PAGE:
When it comes to custom motorcycles we know what we like. The same can be said for our choice of riding gear. So we’ve thrown our helmets in the ring to create our very own Pipeburn Top 10 Motorcycle Helmets list. On this list, you’ll find the helmets we consider some of the best on the market. Since most of the bikes we feature are built for the street, we’ve limited our selections to road helmets. We’ve also split our selections into retro and neo-classic style categories since, like us, you probably shop for helmets that complement your ride.
Best Modular Helmet: Bell Broozer
Sure there are more advanced modular helmets on the market but from a style perspective none are as effortlessly cool as the Bell Broozer.
Depending on how you choose to wear it, the Broozer is either an open-face or a full-face helmet. Like the Bell Rogue, the Broozer features a removable chin bar that can be easily swapped out in seconds. What makes this helmet a superior choice is that, unlike the Rogue, the Broozer’s removable chin bar complies with ECE and DOT safety ratings.
Along with its ability to transform according to your needs, the Broozer is lightweight tipping the scales at only 1450g (3.2 lbs). The visor is anti-fog, anti-scratch and UV protected and retracts into the helmet with a flick of your thumb. For convenience, the generous folks at Bell supply both a dark and clear visor with this helmet at no extra cost.
If you want to roll with your own sunglasses or prescription specs the Broozer is eyewear compatible and the liner can be removed and washed to help extend its lifespan. With the chin bar removed there’s no shortage of airflow or bugs to your face, but when it’s installed adjustable vents help keep you cool.
As for styling the Broozer lends itself to more aggressive rides like streetfighters or modern choppers, but it’s the flexibility of this design and the attractive price point that we like the most.
RRP: $280 USD
Best Open-Face Helmet: Arai Classic V / Freeway Classic
Open-face helmets are inherently basic in their offering. So what makes a good one? Well for starters you can look at who made it. The Japanese manufacturer Arai is one of the best in the motorcycle helmet game. They’ve been producing them since 1952 and still to this day build all their helmets by hand.
The open-face Classic V may be one of the simplest helmets in Arai’s range, but there’s no less quality. Like all of their helmets, it has acheived a Snell safety rating which is often considered the most rigorous. The shell is made using Arai’s PB-cLc fibre composite which is designed to disperse the effect of an impact over the largest area possible. The interior comprises of a multi-density EPS liner with an inbuilt, hidden ventilation system. The liner is anti-microbial and has removable cheek pads and faux leather trim.
For those who want to add eye protection, the Classic-V has 5 snap stubs to allow the fitment of visors and a goggle strap holder at the rear. And since the front of the helmet is missing the Classic V is super light.
RRP: $235 USD
Best Retro Helmets: Nexx XG100 Racer
The first lid to make the cut in the retro helmet category hails from the Spanish manufacturer, Nexx Helmets. The XG100 Racer, which is clearly aimed at the cafe/custom crowd, is an evolution of the standard XG100 which lacked a hinged visor. The addition of the visor to this model makes it a vastly better choice which is why I have one in my own helmet collection.
The XG100 Racer is offered in either a carbon-reinforced X-Matrix composite shell or a full carbon fibre option. The choice of material is reflected by the price with the X-Matrix starting at around $390 versus $470+ for a full carbon unit. The weight also differs slightly at 1442g vs 1434g (3.18 vs 3.14 lbs).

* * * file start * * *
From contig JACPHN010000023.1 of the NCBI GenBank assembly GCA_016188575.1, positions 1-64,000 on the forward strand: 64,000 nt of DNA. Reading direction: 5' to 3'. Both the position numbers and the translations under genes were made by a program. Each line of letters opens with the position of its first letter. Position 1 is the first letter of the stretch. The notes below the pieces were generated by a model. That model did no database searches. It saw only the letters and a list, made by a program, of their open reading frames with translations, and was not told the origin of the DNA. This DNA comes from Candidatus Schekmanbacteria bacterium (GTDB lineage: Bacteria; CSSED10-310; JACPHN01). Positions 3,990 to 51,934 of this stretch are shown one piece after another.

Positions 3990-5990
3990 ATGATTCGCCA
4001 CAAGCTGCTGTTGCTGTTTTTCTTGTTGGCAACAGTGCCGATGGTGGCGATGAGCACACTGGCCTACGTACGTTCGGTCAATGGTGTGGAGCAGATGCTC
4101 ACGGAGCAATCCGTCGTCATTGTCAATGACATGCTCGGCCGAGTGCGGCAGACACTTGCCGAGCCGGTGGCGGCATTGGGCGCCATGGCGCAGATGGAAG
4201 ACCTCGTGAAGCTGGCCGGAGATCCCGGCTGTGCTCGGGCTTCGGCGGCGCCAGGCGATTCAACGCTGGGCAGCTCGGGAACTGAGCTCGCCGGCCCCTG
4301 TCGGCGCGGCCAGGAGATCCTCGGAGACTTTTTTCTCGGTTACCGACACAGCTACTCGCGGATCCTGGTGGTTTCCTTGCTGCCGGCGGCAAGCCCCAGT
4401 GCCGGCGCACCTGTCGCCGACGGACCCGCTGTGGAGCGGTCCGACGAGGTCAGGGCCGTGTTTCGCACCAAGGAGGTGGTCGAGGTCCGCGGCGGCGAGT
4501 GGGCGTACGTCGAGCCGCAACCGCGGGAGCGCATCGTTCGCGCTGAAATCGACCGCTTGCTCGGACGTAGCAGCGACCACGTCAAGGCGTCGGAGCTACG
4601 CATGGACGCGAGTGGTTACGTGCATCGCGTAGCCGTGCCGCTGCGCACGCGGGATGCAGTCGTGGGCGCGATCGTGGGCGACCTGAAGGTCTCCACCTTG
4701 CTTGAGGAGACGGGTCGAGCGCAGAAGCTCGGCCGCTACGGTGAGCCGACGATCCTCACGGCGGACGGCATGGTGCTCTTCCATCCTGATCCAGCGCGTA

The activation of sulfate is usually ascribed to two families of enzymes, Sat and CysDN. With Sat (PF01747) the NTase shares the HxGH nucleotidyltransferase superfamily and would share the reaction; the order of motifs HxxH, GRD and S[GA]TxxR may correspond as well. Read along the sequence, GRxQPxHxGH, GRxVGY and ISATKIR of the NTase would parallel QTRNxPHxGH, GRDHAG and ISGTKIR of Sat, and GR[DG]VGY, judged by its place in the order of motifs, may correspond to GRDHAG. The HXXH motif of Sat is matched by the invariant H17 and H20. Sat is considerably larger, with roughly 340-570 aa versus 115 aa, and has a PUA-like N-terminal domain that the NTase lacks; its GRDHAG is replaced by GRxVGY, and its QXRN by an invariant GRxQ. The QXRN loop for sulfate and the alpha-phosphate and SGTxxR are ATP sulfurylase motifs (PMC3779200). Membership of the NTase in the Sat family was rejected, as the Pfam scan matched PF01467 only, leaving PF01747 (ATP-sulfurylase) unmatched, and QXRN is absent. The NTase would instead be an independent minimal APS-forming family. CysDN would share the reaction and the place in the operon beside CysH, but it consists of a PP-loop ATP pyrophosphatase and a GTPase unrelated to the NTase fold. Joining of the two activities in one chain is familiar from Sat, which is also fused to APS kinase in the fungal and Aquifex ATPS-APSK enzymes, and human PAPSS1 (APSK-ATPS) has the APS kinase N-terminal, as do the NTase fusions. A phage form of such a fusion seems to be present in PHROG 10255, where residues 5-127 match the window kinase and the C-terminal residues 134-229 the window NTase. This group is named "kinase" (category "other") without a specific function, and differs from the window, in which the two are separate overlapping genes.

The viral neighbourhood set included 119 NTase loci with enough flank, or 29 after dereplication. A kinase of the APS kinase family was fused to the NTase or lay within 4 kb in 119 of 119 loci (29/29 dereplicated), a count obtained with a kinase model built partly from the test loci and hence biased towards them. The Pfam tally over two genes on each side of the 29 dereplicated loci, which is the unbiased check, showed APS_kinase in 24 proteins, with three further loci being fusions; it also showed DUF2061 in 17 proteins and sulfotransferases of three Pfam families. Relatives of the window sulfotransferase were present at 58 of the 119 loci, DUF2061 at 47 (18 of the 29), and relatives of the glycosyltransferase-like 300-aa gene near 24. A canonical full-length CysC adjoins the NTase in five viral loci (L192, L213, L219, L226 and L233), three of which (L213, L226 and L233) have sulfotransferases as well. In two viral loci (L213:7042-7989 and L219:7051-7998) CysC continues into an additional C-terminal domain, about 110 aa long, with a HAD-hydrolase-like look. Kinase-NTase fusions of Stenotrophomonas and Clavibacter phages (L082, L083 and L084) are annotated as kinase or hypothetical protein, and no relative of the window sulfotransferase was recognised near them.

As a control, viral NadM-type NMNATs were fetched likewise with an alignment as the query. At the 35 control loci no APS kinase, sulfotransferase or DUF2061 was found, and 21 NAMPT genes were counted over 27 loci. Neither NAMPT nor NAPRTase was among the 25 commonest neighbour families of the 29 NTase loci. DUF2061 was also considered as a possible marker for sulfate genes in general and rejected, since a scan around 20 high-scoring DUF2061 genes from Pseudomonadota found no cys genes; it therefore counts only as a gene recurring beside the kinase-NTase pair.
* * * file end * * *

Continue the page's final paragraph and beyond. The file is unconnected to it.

The XG100 Racer’s style is pure 1970s motorsport. The deep chin bar and smooth round silhouette look right at home alongside any modern classic, neo-retro or vintage motorcycle. Adding to this helmet’s aesthetic appeal is a wide range of stylish graphics and colourways so you’re sure to find one that suits your style.
Other stand-out features of this helmet include the integration of Nexx’s moisture-wicking X.Mart Dry fabrics. A removable and washable liner, pin-lock-ready visors, ergo padding and an optional chin curtain. The only drawback I’ve found with this design is that the ventilation is limited to a mesh panel in the chin, but, as is often the case in this category, timeless style comes at a cost.
RRP: From $390 USD
Best Retro Helmets: Hedon Heroine Racer 2.0
The ’70s-styled Hedon Heroine Racer 2.0 is the second edition of the UK manufacturer’s full-face retro helmet offering. With classic styling, a wide range of slick colourways and a premium finish it’s a stand-out in the current retro helmet market.
The Heroine Racer 2.0 comes in 3 different shell sizes to ensure a snug, low-profile fit. The smallest weighs a mere 1250g while the largest comes in at a touch over 1400g. The modest weight and DOT/ECE homologation can be attributed to the use of carbon and composite fibres for the shell.
On the inside of the Heroine Racer 2.0 is Hedon’s plush 360° cushion padding that uses a specially designed anti-bacterial fabric. To step up the finish and add resilience the liner also features black leather trims.
The Vents on the Heroine Racer 2.0 are located within 3 press studs along the forehead. To make up for any lack of airflow, the visor mechanism can be positioned slightly ajar. For peace of mind the visor is ECE-rated and it provides a wide field of view.
The full-face Heroine Racer 2.0 outdoes the original version thanks to a handful of smart upgrades and design tweaks. These include the use of automotive quality paint, lightweight CNC alloy hardware, removable cheek pads, space for comms speakers and a new visor mechanism that offers 4 different positions. At over $1000 USD this retro helmet demands a big investment, but this kind of quality never comes cheap.